Reasons Why People Don’t Get Enough Sleep
Listed below are the top five reasons that are giving Britons sleepless nights:
- Money worries (32%)
- Family issues (25%)
- Work stress (18%)
- Job security worries (17%)
- Unfinished household chores (16%)
Health Risks of Sleep Debt and Sleep Deprivation
Research has shown that even missing a few days of lost sleep can have adverse effects including: daytime sleepiness, worsened daytime performance, an increase in molecules that are a sign of inflammation in the body, and impaired blood sugar regulation.
It is also thought that long-term sleep debt may compound issues potentially causing irreparable damage.
Sleep deprivation from sleep debt may also cause:
- aching muscles
- confusion, memory lapses or loss
- development of false memory
- hand tremor
- periorbital puffiness, commonly known as “bags under eyes” or eye bags
- increased blood pressure
- increased stress hormone levels
- increased risk of diabetes
- increased risk of fibromyalgia
- nystagmus (rapid involuntary rhythmic eye movement)
- temper tantrums in children
- symptoms similar to:
- attention-deficit hyperactivity disorder (ADHD)
NOTE: It should be noted that getting too much sleep may have it’s own health risks, so the best advice is to simply pay attention to your body and try to fall within your own normal sleeping times.
The Study That Shows You Can Catch Up on Sleep Debt (Somewhat)
With the above in mind, Penn State University College of Medicine placed 30 volunteers on a sleep schedule that mimicked a sleep-restricted workweek followed by a weekend with extra recovery sleep.
- They found that sleepiness and inflammation rose with a lack of sleep, but returned after the period of recovery sleep.
- They found that stress rose with a lack of sleep, but lowered after recovery sleep.
- They also found that attention suffered during sleep deprivation and didn’t return after recovery sleep.
- This study had essentially concluded that while some sleep debt can be “repaid”, recovery sleep over just a single weekend may not reverse all the effects of sleep lost during the workweek.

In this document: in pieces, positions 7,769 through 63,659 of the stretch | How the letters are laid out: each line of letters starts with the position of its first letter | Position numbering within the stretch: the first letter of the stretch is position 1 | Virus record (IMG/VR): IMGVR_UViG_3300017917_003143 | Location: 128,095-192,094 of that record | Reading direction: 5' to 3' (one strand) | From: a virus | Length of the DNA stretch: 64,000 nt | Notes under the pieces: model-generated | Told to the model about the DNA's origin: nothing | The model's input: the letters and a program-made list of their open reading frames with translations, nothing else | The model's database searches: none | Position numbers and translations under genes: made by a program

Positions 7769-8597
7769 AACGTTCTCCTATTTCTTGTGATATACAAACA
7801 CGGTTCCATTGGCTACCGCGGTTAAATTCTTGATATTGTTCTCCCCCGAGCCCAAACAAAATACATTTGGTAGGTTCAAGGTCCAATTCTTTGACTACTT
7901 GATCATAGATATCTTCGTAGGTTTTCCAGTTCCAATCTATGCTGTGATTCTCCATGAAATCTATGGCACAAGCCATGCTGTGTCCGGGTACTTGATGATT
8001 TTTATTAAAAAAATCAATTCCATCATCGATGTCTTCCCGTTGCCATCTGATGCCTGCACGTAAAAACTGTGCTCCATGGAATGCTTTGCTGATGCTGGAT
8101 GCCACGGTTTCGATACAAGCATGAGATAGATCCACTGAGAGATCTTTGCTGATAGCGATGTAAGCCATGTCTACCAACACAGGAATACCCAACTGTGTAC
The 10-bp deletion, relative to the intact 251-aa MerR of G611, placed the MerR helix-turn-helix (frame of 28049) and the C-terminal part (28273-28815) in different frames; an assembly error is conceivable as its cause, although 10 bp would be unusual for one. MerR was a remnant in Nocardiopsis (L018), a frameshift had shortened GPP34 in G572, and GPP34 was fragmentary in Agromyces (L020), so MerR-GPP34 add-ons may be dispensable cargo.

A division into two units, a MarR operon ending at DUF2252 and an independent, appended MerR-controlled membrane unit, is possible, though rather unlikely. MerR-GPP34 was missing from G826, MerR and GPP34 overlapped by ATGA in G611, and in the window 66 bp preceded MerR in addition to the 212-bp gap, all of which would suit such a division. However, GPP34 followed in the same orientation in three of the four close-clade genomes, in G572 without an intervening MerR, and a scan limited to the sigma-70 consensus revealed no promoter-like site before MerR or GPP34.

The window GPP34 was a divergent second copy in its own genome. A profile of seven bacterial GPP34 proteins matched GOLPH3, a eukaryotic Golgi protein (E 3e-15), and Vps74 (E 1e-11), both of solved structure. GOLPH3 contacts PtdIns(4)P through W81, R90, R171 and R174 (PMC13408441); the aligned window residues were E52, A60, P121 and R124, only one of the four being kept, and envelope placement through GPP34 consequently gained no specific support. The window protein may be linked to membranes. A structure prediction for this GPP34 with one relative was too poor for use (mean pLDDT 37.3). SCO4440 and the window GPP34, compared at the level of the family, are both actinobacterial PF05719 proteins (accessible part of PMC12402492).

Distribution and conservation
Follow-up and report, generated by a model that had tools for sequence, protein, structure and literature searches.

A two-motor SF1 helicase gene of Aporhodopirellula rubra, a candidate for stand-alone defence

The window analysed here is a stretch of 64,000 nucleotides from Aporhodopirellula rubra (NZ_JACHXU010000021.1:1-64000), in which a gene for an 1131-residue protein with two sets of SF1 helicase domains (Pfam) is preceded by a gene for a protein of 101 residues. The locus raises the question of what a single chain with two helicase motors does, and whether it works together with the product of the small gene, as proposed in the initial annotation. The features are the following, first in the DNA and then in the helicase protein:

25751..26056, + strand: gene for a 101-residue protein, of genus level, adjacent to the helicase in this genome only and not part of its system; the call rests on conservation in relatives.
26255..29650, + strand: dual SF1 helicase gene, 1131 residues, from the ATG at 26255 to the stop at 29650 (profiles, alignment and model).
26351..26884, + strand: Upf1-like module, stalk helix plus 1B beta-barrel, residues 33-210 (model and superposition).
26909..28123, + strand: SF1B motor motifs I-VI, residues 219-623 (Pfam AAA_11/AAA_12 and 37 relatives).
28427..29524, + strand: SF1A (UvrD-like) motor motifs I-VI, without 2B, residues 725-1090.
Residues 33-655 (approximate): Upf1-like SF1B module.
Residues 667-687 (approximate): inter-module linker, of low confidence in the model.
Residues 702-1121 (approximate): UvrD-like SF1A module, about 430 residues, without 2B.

In general, it is thought that you can catch up on short-term sleep debt, and may be able to offset some of the effects of long-term sleep debt. Long-term sleep debt, on the other hand, may have some non-reversible side effects.
Is There Evidence That You Can Catch up on Long-Term Sleep Debt?
There is no clear evidence that one can or can’t catch up on long-term sleep debt, this is because most studies have focused on short-term sleep debt.
- “HOW MUCH SLEEP DO WE NEED? SLEEP DEBT AND SLEEP DEPRIVATION“. Howsleepworks.com. Retrieved Nov 11, 2015.
- “Deficits caused by workweek sleep loss not totally recouped by sleeping in on the weekends“. Medicalnewstoday.com. Retrieved Nov 11, 2015.
- “The Effects of Recovery Sleep After One Workweek of Mild Sleep Restriction on Interleukin-6 and Cortisol Secretion and Daytime Sleepiness and Performance.” American Journal of Physiology-Endocrinology and Metabolism, published by The American Physiological Society.
- “Sleep deprivation“. Wikipedia.org. Retrieved Nov 11, 2015.
- “Ask Well: Catching Up on Lost Sleep“. well.blogs.nytimes.com. Retrieved Nov 11, 2015.
- “How Much Sleep Do You Need?“. Helpguide.org. Retrieved Nov 12, 2015.
- “Sleep Through the Decades“. Webmd.com. Retrieved Nov 12, 2015.
- “The Weekend Lie-in has Been Laid to Rest as We Become a Nation of Snoozesters“. marketwired.com. Retrieved Nov 12, 2015.